Applicants' results show that genes within the US2-11 region are essential for superinfection, which is consistent with the known function of US2, US3, US6, and US11 as inhibitors of MHC-I antigen presentation. There are, however, three genes of unknown function (Rh186 to Rh188) encoded between US6 and US11. Rh186 and Rh187 are most closely related to the HCMV glycoproteins US8 and US10, respectively (N. T. Pande et al. J. Virol. 79, 5786 (2005)), whereas Rh188 is an uncharacterized RhCMV-specific ORF. Although binding of HCMV-US8 and US10 to MHC-I has been reported, it is unclear whether this affects antigen presentation because MHC-I surface expression is not reduced by US8 or US10 from either HCMV or RhCMV (N. T. Pande et al. J. Virol. 79, 5786 (2005), R. S. Tirabassi, H. L. Ploegh, J. Virol. 76, 6832 (2002) and M. H. Furman et al., J. Virol. 76, 11753 (2002)). To determine whether Rh186, Rh187, or Rh188 are required for superinfection, Applicants generated deletion virus ΔRh186-8. To enable us to monitor superinfection by this recombinant in the same cohort of animals that had already been reinfected with ΔVIHCE(gag), Applicants applied a distinct immunological marker, SIVretanef, a fusion-protein consisting of SIV proteins rev, tat, and nef (S. G. Hansen et al., Nat. Med. 15, 293 (2009)). ΔRh186-8(retanef) is deleted for Rh186-188 and contains the Retanef expression cassette between the ORFs Rh213 and Rh214 (FIG. 5). Applicants inoculated the same cohort with ΔRh186-8(retanef) and monitored the T cell response to this fusion protein as well as to RhCMV-IE and SIVgag using corresponding peptides. As shown in FIG. 3, A and B, all four RM developed a SIVretanef-specific T cell response within 2 weeks post-challenge, indicating successful superinfection. Moreover, virus expressing SIVretanef was shed in the secretions of infected animals together with SIVgag-expressing ΔVIHCE(gag) (FIG. 3D). Applicants thus conclude that the Rh186-8 region is dispensable for superinfection.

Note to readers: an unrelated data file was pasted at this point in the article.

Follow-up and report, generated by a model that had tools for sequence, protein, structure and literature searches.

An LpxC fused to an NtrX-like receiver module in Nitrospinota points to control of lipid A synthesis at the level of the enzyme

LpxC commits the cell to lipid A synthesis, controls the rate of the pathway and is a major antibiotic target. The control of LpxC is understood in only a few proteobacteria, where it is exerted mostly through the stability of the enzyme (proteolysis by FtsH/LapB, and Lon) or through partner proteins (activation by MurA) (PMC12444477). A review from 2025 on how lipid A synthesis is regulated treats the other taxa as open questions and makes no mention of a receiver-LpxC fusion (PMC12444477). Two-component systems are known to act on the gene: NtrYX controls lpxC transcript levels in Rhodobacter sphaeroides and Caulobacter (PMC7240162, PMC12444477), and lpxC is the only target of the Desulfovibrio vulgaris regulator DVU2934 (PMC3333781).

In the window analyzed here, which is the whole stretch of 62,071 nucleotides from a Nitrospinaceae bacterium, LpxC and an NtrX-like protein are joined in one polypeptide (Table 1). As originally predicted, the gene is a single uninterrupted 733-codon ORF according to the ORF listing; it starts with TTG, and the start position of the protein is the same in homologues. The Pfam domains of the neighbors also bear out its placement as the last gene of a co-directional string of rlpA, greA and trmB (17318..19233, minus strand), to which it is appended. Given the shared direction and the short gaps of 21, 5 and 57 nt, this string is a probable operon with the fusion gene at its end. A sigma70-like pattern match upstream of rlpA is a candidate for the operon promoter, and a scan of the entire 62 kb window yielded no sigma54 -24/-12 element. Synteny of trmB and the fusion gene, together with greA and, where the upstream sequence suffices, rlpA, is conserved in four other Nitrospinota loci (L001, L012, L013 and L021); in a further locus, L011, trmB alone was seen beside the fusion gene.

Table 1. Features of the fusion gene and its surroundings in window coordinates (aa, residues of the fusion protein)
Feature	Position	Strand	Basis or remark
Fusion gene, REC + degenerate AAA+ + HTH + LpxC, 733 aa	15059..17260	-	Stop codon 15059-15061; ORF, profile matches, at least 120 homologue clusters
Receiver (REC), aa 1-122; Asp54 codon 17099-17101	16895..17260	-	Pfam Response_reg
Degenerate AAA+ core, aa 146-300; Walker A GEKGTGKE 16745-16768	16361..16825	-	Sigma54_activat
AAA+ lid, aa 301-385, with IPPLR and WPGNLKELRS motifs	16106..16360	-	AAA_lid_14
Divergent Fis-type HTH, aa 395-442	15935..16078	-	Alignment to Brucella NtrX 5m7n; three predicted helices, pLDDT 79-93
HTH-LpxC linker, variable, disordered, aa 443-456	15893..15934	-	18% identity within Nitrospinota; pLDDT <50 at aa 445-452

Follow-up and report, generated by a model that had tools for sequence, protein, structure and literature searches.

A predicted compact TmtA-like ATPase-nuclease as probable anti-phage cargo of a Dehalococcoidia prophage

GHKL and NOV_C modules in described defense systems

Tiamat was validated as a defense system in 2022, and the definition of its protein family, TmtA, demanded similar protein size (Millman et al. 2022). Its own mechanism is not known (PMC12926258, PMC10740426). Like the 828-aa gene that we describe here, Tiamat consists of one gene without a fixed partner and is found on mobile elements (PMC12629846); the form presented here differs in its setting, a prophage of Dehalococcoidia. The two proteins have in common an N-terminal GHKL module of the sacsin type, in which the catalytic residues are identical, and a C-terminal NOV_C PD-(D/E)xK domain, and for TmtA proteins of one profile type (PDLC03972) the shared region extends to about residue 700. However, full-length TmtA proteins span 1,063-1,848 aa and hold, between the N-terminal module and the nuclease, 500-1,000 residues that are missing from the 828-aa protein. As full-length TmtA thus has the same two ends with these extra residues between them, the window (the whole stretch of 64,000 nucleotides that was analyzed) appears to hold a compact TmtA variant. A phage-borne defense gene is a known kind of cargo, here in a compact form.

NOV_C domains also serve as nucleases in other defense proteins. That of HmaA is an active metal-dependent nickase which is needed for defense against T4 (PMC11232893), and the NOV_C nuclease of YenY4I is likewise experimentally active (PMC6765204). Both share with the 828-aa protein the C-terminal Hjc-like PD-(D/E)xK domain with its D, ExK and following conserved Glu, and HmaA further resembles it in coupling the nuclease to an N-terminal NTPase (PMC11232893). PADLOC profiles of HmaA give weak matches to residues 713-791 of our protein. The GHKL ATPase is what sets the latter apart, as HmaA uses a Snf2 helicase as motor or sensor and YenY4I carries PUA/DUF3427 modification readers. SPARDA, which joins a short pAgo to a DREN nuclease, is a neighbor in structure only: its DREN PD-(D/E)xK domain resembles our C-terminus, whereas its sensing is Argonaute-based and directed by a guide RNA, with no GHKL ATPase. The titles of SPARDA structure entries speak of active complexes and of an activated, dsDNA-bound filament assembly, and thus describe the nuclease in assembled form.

Together, Applicants' results suggested that RhCMV was unable to superinfect in the absence of the homologs of US2, US3, US6, and US11 because the virus was no longer able to avoid elimination by CTL. To further examine this hypothesis, a new group of RhCMV+ RM (Table 1D) was depleted for CD8+ lymphocytes by treatment with cM-T807, a humanized monoclonal antibody to CD8, before superinfection with ΔUS2-11(gag) or ΔVIHCEΔUS2-11(gag). Flow cytometric analysis of total CD8+ T cells revealed that depletion was extensive, but transient, with detectable CD8+ T cell recovery beginning on day 21 after challenge (FIG. 4, A and B). Upon inoculation with ΔUS2-11(gag) or ΔVIHCEΔUS2-11(gag), SIVgag-specific CD4+ T cell responses were recorded as early as day 7 post-challenge, showing the ability of the deletion viruses to superinfect these animals (FIG. 4C). Moreover, SIVgag-specific CD8+ T cells were observed within the rebounding CD8+ T cells in blood and BAL at day 21 in two RM and at day 28 in a third; in the fourth RM, such responses were only observed in BAL after day 56. From these data, Applicants conclude that CD8+ lymphocytes, most likely CD8+ T cells, were essential for preventing superinfection by ΔUS2-11 virus, strongly indicating that the MHC-I inhibitory function of these molecules is necessary for superinfection of the CMV-positive host. Notably, CMV-specific CD8+ T cells were unable to eliminate RhCMV lacking MHC-I inhibitors once persistent infection had been established (FIG. 4D), providing additional evidence that persistent infection is insensitive to CD8+ T cell immunity, even when the ability of the virus to prevent MHC-I presentation is compromised.